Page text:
KV Pharmaceuticals may have lost its ethical direction, presumably from the management down, in a spiral of events that continued today with a class action lawsuit against the company by its shareholders. Look at how the company has one problem after another. I only noticed this because I work in the pharma industry so the name caught my eye...repeatedly.
April 20, 2007: Victor Hermelin, the 93-year-old founder of KV Pharmaceutical Co. and loving father, has gone to court to try to have his son Marc Hermelin, president of KV, removed as a trustee of one of four trusts set up to benefit Victor Hermelin's five children and his ex-wife.
In his lawsuit filed March 1st in St. Louis County Probate Court, the elder Hermelin charges that Marc Hermelin, 64, has managed a $35 million trust to favor himself and selected relatives and has a conflict of interest in his dual roles as company president and trustee. Marc does okay despite his not-so-supportive dad, until he's fired down the page a bit.
July 29, 2008: Maybe Marc's dad thought his son lacked a moral compass... Agents from the FDA and the US Marshal’s Service grabbed $24.2 million worth of unapproved drugs from KV. The majority of the products seized were made after the FDA required an end to their production, according to US Attorney Catherine Hanaway (see statement). The seizure followed an FDA inspection of several of KV’s plants earlier this year, when investigators found the drugmaker was not complying with an FDA enforcement notice warning that drugs in time-release format containing guaifenesin, an expectorant, must be approved by the FDA to ensure the safe and effective release of the active ingredients.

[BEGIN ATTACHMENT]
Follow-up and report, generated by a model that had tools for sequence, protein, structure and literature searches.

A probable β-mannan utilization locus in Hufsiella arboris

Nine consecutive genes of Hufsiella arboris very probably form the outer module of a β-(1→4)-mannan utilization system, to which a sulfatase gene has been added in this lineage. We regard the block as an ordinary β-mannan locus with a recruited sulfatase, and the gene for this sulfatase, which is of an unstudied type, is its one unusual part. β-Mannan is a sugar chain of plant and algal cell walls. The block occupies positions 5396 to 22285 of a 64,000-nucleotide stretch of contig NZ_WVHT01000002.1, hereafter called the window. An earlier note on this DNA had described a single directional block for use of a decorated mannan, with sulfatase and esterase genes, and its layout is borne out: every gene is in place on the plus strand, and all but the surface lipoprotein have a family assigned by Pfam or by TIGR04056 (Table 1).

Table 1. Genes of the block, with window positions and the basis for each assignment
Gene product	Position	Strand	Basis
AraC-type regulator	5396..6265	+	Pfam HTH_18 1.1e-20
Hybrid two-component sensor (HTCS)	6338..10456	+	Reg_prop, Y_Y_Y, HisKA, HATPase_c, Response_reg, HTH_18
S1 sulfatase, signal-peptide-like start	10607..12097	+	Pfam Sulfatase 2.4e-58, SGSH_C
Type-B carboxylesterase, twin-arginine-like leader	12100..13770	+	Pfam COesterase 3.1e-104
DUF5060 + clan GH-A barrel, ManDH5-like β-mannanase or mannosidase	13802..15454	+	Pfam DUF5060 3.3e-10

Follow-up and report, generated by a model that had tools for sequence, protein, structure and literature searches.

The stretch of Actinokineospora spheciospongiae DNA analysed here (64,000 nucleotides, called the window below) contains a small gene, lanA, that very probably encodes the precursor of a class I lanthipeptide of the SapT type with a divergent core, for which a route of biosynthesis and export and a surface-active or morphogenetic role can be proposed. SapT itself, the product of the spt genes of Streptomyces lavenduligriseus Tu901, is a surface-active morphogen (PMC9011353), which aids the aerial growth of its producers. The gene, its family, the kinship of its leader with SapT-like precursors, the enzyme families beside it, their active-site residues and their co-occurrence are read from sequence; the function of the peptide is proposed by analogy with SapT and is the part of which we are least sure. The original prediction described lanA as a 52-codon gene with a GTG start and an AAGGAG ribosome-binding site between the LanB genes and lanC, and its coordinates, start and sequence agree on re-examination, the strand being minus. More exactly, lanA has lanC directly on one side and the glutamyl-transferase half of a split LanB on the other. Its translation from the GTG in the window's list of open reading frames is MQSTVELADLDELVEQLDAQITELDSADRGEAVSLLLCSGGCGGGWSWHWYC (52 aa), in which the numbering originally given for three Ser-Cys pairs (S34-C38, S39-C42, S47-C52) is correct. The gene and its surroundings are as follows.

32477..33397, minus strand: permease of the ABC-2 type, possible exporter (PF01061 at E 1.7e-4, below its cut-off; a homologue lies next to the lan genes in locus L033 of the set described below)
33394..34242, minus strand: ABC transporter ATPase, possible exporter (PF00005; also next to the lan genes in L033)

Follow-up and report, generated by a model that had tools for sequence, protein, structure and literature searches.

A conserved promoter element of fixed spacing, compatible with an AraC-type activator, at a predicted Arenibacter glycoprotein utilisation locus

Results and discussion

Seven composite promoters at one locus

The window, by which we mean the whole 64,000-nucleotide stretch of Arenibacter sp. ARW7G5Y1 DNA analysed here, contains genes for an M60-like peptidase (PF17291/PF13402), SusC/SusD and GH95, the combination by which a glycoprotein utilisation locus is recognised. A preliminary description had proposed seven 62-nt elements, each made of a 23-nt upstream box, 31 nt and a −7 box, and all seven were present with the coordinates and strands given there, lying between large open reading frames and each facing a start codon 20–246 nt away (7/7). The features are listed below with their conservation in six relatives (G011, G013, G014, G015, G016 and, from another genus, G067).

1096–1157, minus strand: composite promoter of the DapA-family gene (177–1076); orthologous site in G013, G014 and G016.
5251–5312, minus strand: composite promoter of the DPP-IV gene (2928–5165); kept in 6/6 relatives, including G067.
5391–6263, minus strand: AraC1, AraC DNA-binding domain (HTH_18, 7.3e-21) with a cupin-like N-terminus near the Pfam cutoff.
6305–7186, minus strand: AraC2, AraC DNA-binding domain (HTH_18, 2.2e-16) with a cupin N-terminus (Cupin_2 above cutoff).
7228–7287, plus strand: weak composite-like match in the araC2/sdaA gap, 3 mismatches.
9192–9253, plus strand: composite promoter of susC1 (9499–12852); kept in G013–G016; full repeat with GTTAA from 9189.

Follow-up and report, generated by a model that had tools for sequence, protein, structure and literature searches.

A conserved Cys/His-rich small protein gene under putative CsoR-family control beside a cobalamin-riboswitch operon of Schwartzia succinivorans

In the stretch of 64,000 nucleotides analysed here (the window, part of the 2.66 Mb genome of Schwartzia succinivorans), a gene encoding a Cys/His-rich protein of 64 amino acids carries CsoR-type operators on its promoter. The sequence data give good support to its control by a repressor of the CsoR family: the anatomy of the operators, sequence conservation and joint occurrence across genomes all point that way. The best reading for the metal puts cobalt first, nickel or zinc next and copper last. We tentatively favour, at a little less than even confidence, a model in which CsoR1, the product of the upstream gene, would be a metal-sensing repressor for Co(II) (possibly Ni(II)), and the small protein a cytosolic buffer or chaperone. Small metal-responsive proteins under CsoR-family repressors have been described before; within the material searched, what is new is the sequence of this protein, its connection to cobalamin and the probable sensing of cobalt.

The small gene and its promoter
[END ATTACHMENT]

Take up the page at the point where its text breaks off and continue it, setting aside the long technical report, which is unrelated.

December 11, 2008: KV Pharma Fires CEO. KV terminated the employment of Chief Executive Marc Hermelin with cause, but would not specify a reason. Hermelin, however, claims that he effectively retired from his employment with the company prior to the board’s action. Hermelin led the company for over three decades. (Editorial note: It was an odd management choice to state publicly that he was terminated "for cause." There's no benefit to the company and exposes them to potential fraud allegations if cause can't be successfully established.)
December 24, 2008: DOH! KV Pharma shares dive after painkiller recall. Shares of KV Pharmaceutical Co. dropped to all-time lows after the company issued its second product recall in two months, and said it is suspending all sales of tablet drugs because of the risk some tablets were oversized. The tablets were made by KV's Ethex subsidiary, and sold in bottles of 100. An overdose of the drug can cause breathing problems, low blood pressure and unconsciousness.
January 14, 2009: The law firm of Milberg LLP is investigating conduct of KV's officers and directors. The lawsuits charge KV and certain of its officers and directors with violations of the Securities Exchange Act of 1934. Some of the investigations have to do with the recall mentioned above, presumably that the officers and directors knew the drugs were not within specification of the FDA-approved label, but chose to do nothing (to avoid an expensive recall). It might have gone like this: "Let's take a vote, Board...potential death to patients due to accidental overdose from KV's too strong pills ...or an expensive recall?" Wow.